He has completed two terms as president and a third as prime minister. Theoretically, he could be leading his country until 2024, which would make him the longest-serving Russian or Soviet leader since Stalin. Vladimir Putin's return to the Kremlin last week generated a wave of commentary, which generally concluded that what was, is, and will be.
Putin 4.0, like the previous versions, believes that Russia still hasn't recovered from its crash in the 1990s, so it's not yet ripe for pluralistic democracy. Putin 4.0 believes the world is dangerous, chaotic and hostile. He will therefore roll back the political reforms his predecessor initiated, strengthen the nationalist spirit, stress his anti-Western reflexes and abandon the "reset" policy that enhanced the relationship between Dmitry Medvedev's Russia and Barack Obama's America.
"Russia has no allies but its army and navy," Czar Alexander III used to say. The Kremlin has adopted this slogan, according to analyst Dr. Ariel Cohen, a senior research fellow at Washington's Heritage Foundation. But other fascinating analyses indicate that Russia may actually be seeking a new and rather unexpected ally.
Prof. Mark Katz of Virginia's George Mason University recently wrote a piece entitled "What would a democratic Russian foreign policy look like?" in the New Zealand International Review. He concludes that Russia's foreign policy wouldn't change substantially, with two exceptions: China and the Middle East.
Katz expects a significant warming of relations between Moscow and Jerusalem, for several reasons: Israel has become an important source of military technology for Russia, both countries are concerned about radical Islam, and extensive cultural, trade and tourism links have been forged.
Fyodor Lukyanov, a veteran Russian commentator, wrote a piece in response to Katz entitled, "Is Israel on the way to becoming a Russian ally?" In the article for Russia Today, Lukyanov sees no reason to wait for a democratic Russia to support Katz's assumption.
First, the Arab world's deep antagonism toward Russia during the Arab Spring puts it in a new position. Second, both Russia and Israel oppose democratization in the Middle East because both believe it will lead to Islamization in the region and beyond. Third, Israel, as a high-tech powerhouse, can help Russia with the modernization it so badly needs.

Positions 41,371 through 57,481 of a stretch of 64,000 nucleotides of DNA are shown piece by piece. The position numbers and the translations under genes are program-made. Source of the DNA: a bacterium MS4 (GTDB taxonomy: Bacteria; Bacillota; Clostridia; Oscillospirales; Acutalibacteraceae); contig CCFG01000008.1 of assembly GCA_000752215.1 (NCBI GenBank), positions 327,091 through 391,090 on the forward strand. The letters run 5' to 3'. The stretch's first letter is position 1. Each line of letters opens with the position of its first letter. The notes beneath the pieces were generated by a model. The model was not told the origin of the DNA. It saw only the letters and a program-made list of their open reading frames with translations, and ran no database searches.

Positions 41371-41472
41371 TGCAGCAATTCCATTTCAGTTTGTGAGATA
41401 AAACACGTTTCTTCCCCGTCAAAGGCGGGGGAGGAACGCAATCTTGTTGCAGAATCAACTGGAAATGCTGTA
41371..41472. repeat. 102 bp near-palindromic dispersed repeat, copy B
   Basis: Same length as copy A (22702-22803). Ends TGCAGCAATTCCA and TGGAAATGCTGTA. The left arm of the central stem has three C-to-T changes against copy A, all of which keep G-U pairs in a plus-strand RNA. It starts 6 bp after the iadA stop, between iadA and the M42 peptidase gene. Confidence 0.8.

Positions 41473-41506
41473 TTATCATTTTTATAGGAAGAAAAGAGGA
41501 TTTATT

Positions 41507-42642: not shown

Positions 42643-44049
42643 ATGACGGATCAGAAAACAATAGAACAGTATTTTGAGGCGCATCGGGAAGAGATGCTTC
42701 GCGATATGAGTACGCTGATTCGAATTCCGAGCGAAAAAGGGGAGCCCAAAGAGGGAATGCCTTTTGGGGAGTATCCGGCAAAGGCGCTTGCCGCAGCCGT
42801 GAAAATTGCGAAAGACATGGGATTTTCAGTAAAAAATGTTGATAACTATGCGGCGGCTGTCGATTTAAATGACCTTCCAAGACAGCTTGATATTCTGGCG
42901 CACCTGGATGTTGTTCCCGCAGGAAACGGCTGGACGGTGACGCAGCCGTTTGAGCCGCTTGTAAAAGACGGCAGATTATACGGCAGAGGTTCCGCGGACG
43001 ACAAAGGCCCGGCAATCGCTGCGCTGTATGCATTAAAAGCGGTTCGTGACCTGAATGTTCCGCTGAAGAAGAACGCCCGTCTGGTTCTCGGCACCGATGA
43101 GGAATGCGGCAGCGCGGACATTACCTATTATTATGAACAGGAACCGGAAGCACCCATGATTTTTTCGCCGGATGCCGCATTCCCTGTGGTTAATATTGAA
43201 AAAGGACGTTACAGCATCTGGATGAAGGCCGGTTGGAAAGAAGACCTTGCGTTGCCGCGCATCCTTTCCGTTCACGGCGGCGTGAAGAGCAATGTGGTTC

And here are the two most interesting points in Lukyanov's analysis: Paradoxically, he says, if Israel attacks Iran (in a clear contradiction of Russia's declared policy ) it may remove the main dispute between Moscow and Jerusalem from the agenda. Finally, the rising calls in the United States claiming that its "Israel first" policy limits America's strategic maneuvering may lead the United States to change its diplomatic priorities - in which case Israel might seek to diversify its stable of allies as well.
Reports that Putin has decided to make Israel one of his first foreign destinations after being sworn in has of course contributed to the debate. Former Israeli ambassador to Russia Zvi Magen has written that the Middle East has once again become an arena of competition between Russia and Western powers, and that Moscow seeks to enhance its relationship with Israel - in part to blunt the growing assertiveness of Turkey, which sees the Caucasus as its backyard.
The Turkish threat, he says, and the gas fields recently discovered in the eastern Mediterranean are behind a Russian initiative to establish a bloc with Israel, Cyprus and Greece. An alliance between Moscow and Jerusalem could become "a new factor of influence in this unstable region during a time of great uncertainty," Magen concludes.
Still, it doesn't seem that a Putin visit, even if it happens soon, will lead to a diplomatic earthquake like the one Richard Nixon's visit to China caused in 1972. Nor will it reverse Russia's historic betrayal of Israel in 1952.
Russia's basic Middle East policies won't change, nor will Israel exchange its alliance with the United States for one with Russia - certainly not if Prime Minister Benjamin Netanyahu's friend Mitt Romney, who has called Russia "America's top geopolitical adversary," wins the November presidential election.
All this speculation is linked to the Putin era, but as long as the Russian street continues to agitate against him, it's likely he's not looking toward 2024, but trying to survive tomorrow.
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